Critics in the United States and Canada argued that the negotiations were dominated by corporate interests, and that NAFTA would result in poor working conditions and low environmental standards as the three governments would compete for investment by lowering standards. Similarly, many feared losing high-paying manufacturing jobs in Canada and the United States to Mexico. By comparison, response among the Mexican public was limited, partly because many were disillusioned with the economic nationalist model that contributed to the debt crisis of the early 1980s. As well, the country was still ruled by a semi-authoritarian regime and the public had little access to independent information.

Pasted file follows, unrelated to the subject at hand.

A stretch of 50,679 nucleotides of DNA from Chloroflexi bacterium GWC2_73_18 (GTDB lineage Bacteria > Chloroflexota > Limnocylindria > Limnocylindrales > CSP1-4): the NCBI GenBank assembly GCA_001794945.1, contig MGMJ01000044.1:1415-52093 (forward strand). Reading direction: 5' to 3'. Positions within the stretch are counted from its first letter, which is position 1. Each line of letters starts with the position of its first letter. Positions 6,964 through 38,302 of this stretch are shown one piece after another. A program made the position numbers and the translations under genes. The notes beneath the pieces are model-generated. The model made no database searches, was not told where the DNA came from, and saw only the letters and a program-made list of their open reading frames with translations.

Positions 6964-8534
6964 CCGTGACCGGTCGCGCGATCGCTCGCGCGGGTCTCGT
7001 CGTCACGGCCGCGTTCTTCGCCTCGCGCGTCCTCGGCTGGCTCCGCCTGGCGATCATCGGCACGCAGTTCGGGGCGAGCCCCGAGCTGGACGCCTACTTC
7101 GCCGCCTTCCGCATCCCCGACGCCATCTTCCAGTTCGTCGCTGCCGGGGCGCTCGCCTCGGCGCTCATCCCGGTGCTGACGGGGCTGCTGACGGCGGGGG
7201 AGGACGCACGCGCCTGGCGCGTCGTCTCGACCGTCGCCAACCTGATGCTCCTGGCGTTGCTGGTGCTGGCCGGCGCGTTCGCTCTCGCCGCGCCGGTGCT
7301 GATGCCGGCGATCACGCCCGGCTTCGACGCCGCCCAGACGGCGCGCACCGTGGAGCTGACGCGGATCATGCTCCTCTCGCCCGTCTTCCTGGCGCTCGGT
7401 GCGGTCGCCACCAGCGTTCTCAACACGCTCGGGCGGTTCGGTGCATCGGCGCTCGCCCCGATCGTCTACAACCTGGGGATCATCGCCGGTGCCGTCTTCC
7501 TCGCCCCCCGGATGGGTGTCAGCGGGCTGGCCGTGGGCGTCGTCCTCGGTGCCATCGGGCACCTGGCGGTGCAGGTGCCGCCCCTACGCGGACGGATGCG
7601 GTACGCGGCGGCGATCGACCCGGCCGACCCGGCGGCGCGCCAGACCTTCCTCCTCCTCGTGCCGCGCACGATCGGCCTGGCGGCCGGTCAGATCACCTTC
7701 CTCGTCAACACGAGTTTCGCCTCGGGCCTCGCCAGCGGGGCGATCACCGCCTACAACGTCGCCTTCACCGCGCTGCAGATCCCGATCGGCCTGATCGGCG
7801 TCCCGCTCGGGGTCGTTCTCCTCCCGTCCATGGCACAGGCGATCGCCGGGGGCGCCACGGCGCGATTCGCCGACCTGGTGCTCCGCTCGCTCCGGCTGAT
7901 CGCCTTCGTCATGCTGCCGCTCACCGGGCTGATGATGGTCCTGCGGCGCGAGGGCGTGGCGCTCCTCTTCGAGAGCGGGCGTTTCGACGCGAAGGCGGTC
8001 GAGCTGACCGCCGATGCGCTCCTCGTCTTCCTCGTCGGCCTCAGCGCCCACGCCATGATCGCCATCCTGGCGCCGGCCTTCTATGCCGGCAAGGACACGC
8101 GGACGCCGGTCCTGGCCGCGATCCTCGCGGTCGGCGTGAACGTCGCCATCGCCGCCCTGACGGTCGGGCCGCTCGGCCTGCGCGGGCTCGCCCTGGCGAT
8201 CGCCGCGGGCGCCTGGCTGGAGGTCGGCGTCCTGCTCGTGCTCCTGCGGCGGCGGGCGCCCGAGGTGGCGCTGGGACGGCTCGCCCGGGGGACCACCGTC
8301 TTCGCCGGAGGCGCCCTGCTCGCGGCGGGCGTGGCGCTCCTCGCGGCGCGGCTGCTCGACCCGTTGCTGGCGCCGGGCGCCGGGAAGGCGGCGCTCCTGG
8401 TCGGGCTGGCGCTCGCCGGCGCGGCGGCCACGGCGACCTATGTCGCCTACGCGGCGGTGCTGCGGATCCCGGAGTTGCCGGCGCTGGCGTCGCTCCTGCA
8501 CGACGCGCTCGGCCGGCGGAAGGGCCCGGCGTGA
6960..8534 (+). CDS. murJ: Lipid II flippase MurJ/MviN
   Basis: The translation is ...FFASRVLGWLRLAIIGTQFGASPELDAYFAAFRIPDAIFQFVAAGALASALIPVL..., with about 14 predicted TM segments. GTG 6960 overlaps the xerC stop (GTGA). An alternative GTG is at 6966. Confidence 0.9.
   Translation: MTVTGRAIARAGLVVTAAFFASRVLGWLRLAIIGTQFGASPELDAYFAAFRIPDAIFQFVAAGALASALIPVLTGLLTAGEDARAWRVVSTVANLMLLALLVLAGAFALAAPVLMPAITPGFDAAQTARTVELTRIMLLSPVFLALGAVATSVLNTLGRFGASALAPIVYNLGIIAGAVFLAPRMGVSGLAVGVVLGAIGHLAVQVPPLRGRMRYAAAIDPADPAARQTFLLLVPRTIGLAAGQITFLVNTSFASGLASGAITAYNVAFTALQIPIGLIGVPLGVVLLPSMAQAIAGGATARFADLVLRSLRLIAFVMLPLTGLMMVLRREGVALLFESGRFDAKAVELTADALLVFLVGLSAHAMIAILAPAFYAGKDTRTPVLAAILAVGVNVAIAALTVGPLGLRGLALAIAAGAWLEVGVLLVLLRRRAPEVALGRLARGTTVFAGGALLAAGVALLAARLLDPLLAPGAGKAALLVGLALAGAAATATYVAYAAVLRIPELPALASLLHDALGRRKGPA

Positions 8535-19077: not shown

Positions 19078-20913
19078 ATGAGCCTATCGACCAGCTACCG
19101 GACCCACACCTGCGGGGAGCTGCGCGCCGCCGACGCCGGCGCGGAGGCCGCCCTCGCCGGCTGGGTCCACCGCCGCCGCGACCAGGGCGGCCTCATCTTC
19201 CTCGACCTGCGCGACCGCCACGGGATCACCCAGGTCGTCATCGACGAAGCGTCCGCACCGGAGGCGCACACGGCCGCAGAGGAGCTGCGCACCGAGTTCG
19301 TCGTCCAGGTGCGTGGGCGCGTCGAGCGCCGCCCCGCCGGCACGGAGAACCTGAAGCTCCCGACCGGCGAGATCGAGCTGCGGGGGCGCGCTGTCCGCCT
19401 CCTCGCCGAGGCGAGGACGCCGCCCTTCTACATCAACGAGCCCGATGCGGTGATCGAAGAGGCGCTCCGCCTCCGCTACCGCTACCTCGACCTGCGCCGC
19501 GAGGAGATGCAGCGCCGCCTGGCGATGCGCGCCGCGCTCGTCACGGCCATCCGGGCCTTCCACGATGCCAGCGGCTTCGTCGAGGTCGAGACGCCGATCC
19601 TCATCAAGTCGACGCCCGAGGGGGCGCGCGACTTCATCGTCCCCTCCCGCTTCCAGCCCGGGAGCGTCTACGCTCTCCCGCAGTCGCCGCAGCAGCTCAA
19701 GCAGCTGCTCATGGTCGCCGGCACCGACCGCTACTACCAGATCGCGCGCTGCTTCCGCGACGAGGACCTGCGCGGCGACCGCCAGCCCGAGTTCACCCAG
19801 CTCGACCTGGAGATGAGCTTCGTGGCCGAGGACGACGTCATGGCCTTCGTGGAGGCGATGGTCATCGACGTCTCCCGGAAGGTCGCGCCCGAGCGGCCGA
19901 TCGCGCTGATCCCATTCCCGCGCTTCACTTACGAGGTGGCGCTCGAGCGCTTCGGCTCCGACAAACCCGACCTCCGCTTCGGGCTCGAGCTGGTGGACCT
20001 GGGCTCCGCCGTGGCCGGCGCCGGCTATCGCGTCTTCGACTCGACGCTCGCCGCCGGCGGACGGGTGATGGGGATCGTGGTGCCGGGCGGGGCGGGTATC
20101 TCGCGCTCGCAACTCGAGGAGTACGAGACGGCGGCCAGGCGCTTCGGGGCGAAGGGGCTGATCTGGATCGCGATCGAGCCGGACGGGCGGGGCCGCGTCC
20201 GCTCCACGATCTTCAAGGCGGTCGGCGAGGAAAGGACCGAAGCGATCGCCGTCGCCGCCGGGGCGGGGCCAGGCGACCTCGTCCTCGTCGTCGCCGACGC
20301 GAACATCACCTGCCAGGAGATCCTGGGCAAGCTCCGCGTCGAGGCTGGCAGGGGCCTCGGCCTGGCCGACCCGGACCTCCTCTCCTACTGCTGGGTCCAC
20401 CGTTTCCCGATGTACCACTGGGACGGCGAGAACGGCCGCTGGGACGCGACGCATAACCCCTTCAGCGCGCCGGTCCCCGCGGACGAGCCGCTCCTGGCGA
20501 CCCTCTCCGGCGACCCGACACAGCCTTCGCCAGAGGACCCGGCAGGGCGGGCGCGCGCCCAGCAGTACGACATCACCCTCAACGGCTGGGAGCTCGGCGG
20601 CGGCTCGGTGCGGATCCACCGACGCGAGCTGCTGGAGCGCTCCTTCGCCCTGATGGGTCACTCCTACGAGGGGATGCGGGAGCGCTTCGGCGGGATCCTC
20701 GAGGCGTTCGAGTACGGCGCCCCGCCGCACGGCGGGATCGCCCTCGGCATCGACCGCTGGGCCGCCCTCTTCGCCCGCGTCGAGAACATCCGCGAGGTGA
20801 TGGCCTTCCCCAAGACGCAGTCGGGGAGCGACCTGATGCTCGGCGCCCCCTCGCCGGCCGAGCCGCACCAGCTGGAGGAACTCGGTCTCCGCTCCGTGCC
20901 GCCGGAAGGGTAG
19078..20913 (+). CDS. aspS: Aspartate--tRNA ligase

The agreement was designed to reduce or eliminate trade and investment barriers between the three member states. Like the CUSFTA, NAFTA granted signatories “most-favoured nation” treatment, meaning each country could access the others’ markets without barriers such as high tariffs.

The objectives of the deal were laid out in its first chapter. These were to:

a) eliminate barriers to trade in, and facilitate the cross-border movement of, goods and services between the territories of the Parties;

b) promote conditions of fair competition in the free trade area;

c) increase substantially investment opportunities in the territories of the Parties;

d) provide adequate and effective protection and enforcement of intellectual property rights in each Party's territory;

e) create effective procedures for the implementation and application of this Agreement, for its joint administration and for the resolution of disputes; and